Creative Minds: Do Celebrity Endorsements Influence Teens’ Health?
Posted on by Dr. Francis Collins
Marie Bragg is a first-generation American, raised by a mother who immigrated to Florida from Trinidad. She watched her uncle in Florida cope effectively with type 2 diabetes, taking prescription drugs and following doctor-recommended dietary changes. But several of her Trinidadian relatives also had type 2 diabetes, and often sought to manage their diabetes by alternative means—through home remedies and spiritual practices.
This situation prompted Bragg to develop, at an early age, a strong interest in how approaches to health care may differ between cultures. But that wasn’t Bragg’s only interest—her other love was sports, having played on a high school soccer team that earned two state championships in Florida. That made her keenly aware of the sway that celebrity athletes, such as Michael Jordan and Serena Williams, could have on the public, particularly on young people. Today, Bragg combines both of her childhood interests—the influence of celebrities and the power of cultural narratives—in research that she is conducting as an Assistant Professor of Population Health at New York University Langone Medical Center and as a 2015 recipient of an NIH Director’s Early Independence Award.
Bragg is currently exploring the influence of popular culture and celebrity endorsements on individuals’ eating habits. Ultimately, she wants to learn how advertisements for unhealthy, high-calorie foods and beverages—and their tendency to target African American and Hispanic teens over other groups—might play into well-established disparities among racial groups in the incidence of obesity and diabetes.
Bragg set out on this research path as a graduate student at Yale University, New Haven, CT. In 2010, she combed through all the products on the shelves of two major Connecticut supermarkets to find every item that featured a sports reference . Over six months of data collection, Bragg and several assistants came up with a comprehensive list of over 100 food and beverage products.
Further analysis showed that the vast majority of products that featured some form of exercise and/or a professional athlete were loaded with sugar, fat, or calories, and low in fiber and protein—exactly the opposite of what would be considered healthy. What’s more, a third of the ads were targeted specifically at the most impressionable audiences: young children and adolescents.
In a complementary study, Bragg surveyed all product endorsements made by the top 100 “power athletes,” as ranked by Bloomberg Businessweek in 2010. Out of hundreds of athlete-endorsed products, almost 80 percent of food products were both high in calories and low in nutrients. In almost all (over 93 percent) of the beverages touted by those famous people, 100 percent of the calories came from sugar. Marketing data also showed that young people between the ages of 12 and 17 saw those ads on TV much more often than adults did. One has to wonder whether the celebrity athletes providing these endorsements have any idea about the potential harms of these products.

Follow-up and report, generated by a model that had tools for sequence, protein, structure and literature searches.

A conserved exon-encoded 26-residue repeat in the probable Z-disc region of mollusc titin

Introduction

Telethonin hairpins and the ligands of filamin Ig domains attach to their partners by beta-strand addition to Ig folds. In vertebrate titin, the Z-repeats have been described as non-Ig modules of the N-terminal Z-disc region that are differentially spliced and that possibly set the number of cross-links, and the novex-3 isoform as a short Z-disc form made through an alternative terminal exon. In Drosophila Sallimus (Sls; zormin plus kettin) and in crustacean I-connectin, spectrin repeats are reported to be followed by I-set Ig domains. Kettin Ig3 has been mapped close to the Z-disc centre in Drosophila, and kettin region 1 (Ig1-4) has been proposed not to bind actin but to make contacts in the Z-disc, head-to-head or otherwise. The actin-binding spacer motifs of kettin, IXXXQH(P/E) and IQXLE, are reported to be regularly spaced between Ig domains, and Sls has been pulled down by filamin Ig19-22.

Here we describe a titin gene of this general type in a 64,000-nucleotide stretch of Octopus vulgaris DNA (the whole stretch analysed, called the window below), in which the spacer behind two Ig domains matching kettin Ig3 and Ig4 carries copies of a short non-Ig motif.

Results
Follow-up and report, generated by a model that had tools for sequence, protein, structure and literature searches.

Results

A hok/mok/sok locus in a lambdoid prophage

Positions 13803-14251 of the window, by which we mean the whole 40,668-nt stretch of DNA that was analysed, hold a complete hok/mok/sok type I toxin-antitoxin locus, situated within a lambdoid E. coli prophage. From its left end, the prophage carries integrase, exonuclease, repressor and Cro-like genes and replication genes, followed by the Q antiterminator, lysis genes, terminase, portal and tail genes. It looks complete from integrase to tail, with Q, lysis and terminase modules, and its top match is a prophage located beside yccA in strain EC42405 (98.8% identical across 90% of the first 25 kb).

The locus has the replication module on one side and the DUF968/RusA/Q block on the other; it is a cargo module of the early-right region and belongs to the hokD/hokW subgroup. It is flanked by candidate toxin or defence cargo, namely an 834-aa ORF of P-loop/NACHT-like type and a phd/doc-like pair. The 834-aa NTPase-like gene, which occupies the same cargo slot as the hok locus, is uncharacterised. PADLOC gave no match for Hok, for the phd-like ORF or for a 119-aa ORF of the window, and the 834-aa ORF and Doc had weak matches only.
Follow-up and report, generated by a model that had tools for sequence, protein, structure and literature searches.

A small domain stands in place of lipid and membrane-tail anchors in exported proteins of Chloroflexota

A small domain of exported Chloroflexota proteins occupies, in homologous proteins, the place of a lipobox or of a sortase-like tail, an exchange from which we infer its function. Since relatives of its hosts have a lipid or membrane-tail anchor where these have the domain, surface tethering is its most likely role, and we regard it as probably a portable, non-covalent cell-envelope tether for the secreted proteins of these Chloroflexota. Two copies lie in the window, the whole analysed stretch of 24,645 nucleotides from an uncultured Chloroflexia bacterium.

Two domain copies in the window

More recently, Bragg documented similar trends in product endorsements made by musical celebrities . Many of the celebrities in question, such as Beyoncé and the rapper Pitbull, also hold particular appeal for black and Latino youth.
With the help of her NIH award, Bragg is now taking the next step. She has developed a survey designed to reach young people online and in social media networks, just as the advertisements now do. The survey asks kids who identify as African American, Hispanic, or white what they think of particular ads and the products they promote. It will also ask questions designed to assess how those perceptions are likely to influence the products teens buy and consume. Through community organizations that serve adolescents, she has plans to explore how teens’ responses to particular ads affect their food choices in the real world.
Bragg’s work promises to help build evidence that could be used to inform policy efforts aimed at tackling health disparities and the epidemic of diabetes and obesity in creative, new ways. With any luck, it might also help to encourage more celebrities to endorse products that better align with their own healthy lifestyles and values.
For the rest of us, her findings already serve up new advice for healthy living. In addition to encouraging our kids to eat right and exercise, we might also urge them to use a heavy dose of skepticism before they load up on celebrity-backed products.
 The use of sports references in marketing of food and beverage products in supermarkets. Bragg MA, Liu PJ, Roberto CA, Sarda V, Harris JL, Brownell KD.Public Health Nutr. 2013 Apr;16(4):738-742.
 Athlete endorsements in food marketing. Bragg MA, Yanamadala S, Roberto CA, Harris JL, Brownell KD. Pediatrics. 2013 Nov;132(5):805-810.
 Popular Music Celebrity Endorsements in Food and Nonalcoholic Beverage Marketing. Bragg MA, Miller AN, Elizee J, Dighe S, Elbel BD. Pediatrics. 2016 Jul;138(1).pii: e20153977.
Marie Bragg (New York University Langone Medical Center, New York)
Bragg NIH Project Information (NIH RePORTER)
NIH Director’s NIH Early Independence Award Program (NIH/Common Fund)
NIH Support: Common Fund; National Library of Medicine; National Heart, Lung, and Blood Institute
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Tags: adolescents, advertisements, African American health, athletes, Bloomberg Businessweek, celebrities, celebrity athletes, celebrity endorsements, diabetes, diet, eating habits, exercise, food, food marketing, health disparities, high-calorie beverages, high-calorie foods, Hispanic health, junk food, lifestyle, minority health, NIH Director's Early Independence Award, nutrition, obesity, popular culture, social media, sports, sugar, teen health, teens, young children